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Traditionally four main sources are analysed along with a number of secondary sources and principles.
The main subject areas of discussion comprise:
- General evidences and principles (adillah ijmalliya wa al-qawaid)
- Resolution of conflict and discrepancy (ta'adal wa tarjeeh)
- Determination of rules and adoption/emulation of rules (ijtihad wa taqlid)
- Islamic Law (hukm shari)
Usool al-fiqh comprises the conjunction of two Arabic terms, usool and fiqh. Usool is derived from the root letters hamza, sad and lam which refers to basis. Fiqh linguistically refers to knowledge, deep understanding or comprehension.
Technically the term is used to refer to the body of evidences and principles that Islamic jurists utilise to provide solutions to problems.
This has been supplemented by further revelation termed sunnah. It comprises explanations from the Prophet Mohammed in terms of his speech, actions and silences which have been historically compiled and verified through chains of narrations called hadiths. Sunnah is referred to for elaboration of the Quran or for clarification of a matter that is not mentioned in the Quran and is second in prioritisation to Quran.
The Muslim jurists have found that some revelation has been captured through collective agreements expressed after the death of the Prophet through consensus of his companions which were transmitted over the ages. These are compiled as instances of consensus of the companions (ijma al-sahaba).
Only when these failed to provide the authority sought did jurists resort to interpretation ijtihad.
In the very early days of Islam Muslim authorities tended to rely on their own opinions to establish their interpretation of what a prescribed law should be for any given situation not founded on the Qur'an, a practice known as ra'y.
The jurist ash-Shafi'i, however, preferred to rely solely on traditions from the prophet and thereafter on the method known as qiyas (analogy) where interpretations were to be derived from comparisons with relative subjects dealt with in the Qur'an or the traditions.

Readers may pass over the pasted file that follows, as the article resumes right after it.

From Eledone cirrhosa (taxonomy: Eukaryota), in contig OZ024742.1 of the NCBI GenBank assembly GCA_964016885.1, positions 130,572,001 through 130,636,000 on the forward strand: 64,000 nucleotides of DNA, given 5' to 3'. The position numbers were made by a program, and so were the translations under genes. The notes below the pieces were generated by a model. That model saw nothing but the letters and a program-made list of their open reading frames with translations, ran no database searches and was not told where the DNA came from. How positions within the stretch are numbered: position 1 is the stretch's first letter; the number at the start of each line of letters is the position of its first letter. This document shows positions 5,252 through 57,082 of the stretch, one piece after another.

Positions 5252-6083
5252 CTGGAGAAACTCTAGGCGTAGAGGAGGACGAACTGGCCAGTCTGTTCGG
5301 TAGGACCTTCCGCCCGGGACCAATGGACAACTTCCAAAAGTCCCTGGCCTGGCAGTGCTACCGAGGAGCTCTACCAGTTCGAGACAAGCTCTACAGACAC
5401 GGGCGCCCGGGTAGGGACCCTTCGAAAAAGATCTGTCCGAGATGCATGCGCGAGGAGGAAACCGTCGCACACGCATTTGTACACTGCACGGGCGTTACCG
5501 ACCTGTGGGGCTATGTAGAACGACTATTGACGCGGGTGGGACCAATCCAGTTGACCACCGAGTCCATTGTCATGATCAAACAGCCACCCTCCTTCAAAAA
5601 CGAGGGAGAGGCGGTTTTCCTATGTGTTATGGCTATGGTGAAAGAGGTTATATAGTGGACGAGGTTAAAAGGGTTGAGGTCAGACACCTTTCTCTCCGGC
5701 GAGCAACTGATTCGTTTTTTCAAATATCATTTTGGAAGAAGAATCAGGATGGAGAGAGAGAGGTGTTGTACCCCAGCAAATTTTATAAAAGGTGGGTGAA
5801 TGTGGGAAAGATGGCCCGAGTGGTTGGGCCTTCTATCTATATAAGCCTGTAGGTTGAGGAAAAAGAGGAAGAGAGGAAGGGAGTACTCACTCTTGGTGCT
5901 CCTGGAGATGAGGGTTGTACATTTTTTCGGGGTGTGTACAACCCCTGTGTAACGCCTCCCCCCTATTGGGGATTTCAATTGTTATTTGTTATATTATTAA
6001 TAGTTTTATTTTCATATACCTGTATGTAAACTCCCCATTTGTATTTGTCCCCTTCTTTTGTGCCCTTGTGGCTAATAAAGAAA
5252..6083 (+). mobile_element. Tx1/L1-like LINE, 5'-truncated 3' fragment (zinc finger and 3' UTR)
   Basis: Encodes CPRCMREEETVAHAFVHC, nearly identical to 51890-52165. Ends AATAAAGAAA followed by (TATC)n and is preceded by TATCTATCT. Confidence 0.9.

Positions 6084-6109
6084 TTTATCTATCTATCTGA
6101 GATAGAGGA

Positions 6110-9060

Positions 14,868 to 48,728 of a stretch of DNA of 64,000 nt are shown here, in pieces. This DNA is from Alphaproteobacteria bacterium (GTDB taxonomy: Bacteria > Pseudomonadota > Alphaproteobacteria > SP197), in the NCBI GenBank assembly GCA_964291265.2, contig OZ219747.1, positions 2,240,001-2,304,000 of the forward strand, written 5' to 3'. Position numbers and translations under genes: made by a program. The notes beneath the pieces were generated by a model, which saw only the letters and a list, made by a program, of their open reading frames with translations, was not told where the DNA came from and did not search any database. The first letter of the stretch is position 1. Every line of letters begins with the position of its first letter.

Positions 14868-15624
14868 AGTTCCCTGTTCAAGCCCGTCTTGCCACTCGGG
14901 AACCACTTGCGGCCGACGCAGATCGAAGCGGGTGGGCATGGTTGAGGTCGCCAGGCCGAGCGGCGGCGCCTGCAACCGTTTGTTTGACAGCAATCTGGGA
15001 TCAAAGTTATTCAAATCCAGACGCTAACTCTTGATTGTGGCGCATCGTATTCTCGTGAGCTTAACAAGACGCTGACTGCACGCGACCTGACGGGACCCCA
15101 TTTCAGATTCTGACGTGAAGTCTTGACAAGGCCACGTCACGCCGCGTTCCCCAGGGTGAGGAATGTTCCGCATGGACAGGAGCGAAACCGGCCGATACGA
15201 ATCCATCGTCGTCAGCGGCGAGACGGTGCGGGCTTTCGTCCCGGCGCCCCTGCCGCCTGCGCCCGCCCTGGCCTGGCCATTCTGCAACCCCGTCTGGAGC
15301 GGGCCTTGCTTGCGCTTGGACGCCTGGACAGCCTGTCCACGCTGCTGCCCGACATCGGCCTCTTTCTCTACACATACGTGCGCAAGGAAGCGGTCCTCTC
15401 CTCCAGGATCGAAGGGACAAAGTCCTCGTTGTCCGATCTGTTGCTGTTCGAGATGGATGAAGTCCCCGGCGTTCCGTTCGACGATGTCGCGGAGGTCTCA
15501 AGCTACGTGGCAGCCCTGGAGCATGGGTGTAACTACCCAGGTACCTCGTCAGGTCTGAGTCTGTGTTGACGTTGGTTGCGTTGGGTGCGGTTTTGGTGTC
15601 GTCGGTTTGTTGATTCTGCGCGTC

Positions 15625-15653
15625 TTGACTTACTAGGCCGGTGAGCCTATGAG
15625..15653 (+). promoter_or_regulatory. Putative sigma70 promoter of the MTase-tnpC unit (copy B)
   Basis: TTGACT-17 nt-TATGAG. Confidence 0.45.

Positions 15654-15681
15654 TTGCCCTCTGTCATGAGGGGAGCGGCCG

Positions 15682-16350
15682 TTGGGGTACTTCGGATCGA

It is now the scholarly consensus, amongst both orientalist and traditional scholarship, that the following is a myth: "Once Shafi'i's school of law was fully established together with the other schools founded by Ahmad ibn Hanbal, Abu Hanifa and Malik, the "door" of ijtihad was closed and it was considered that ijma had been reached on all necessary points of law (though the schools differ in many matters to this day but mostly on minor points of interpretation). Accordingly, Islamic jurisprudence has changed little for centuries and is based fundamentally on the four sources mentioned above. There is much debate and critique as to whether closing the gates of ijtihad was acceptable and whether it contributed to the intellectual and civislisational decline of the Muslims." Wael Hallaq is widely credited for decisively discrediting this myth in the western world, whereas others such as Qasim Zaman continue to show how the Ulema continued to actively engage in Ijtihad. However, there is a valid debate over the degree to which the Ulema remained active in such endeavours ever since colonialism and modernity intruded Muslim lands. In fact, faced with such drastic change, there are certain cases that do show the Ulema to be initially dismissive of sociopolitical realities and hence lagging in their response- Nevertheless eventually finding legal stratagems to solve dilemmas. A case in point is the issue of women's divorce in the time of Ashraf Ali Thanvi.
In the Shi'a schools, they have continued with ijtihad to the present day. They however disputed the methodology of compilation of narrations of sunnah and also limited consensus of the companions to consensus of the family of the Prophet (ijma ahl al-bayt)
- Masali Mursala
- Ihsaan (spiritual excellence, virtue)
- Urf (local custom or pre-existing law)
- Aql (reason or intellect)
- Sadd al-dharai
- Shara man qablana
- Ijma al-ummah (consensus of the worldwide Muslim community)
- Ijma khulafah al-rashideen (consensus of the first four caliphs)
- Ijma ahl al-medina (consensus of the Muslims of Medina, as reflected in early hadith collections, e. g. the Muwatta of Anas bin Malik)
- Ijma al-ullama (consensus of scholars of Islamic law)
- Ijma ahl al-hali wa al-aqd
- That which is necessary to achieve an obligation is obligatory
- That which leads to haram is haram
- Lesser of the two evils
- The doubt does not remove the certainty
The schools of Thought
- Hanafi (Turkey, the Balkans, Central Asia, Indian subcontinent, China and Egypt)
- Maliki (North Africa, West Africa and several of the Arab states of the Persian Gulf)
- Shafi'i (Indonesia, Malaysia, Egypt, East Africa, Yemen and southern parts of India)
- Hanbali (Arabia).
- Zahiri (minority communities in Morocco and Pakistan)
- Qurtubi No longer exists
- Laythi No longer exists
The Shiite schools comprise:
Famous Classical Muslim Jurists (Usoolis)
- Nouman bin Thabit Abu Hanifa
- Mohammed Idris al-Shafii
- Malik bin Anas
- Ahmad bin Hanbal
- Abu Yusuf
- Imam Qurtibi
- Layth bin Sa'ad
- Sufian bin 'Uyayna
- Ja'far al-Sadiq
Famous Contemporary Muslim Jurists (Usoolis)
- Molana Ashraf Ali Thanwi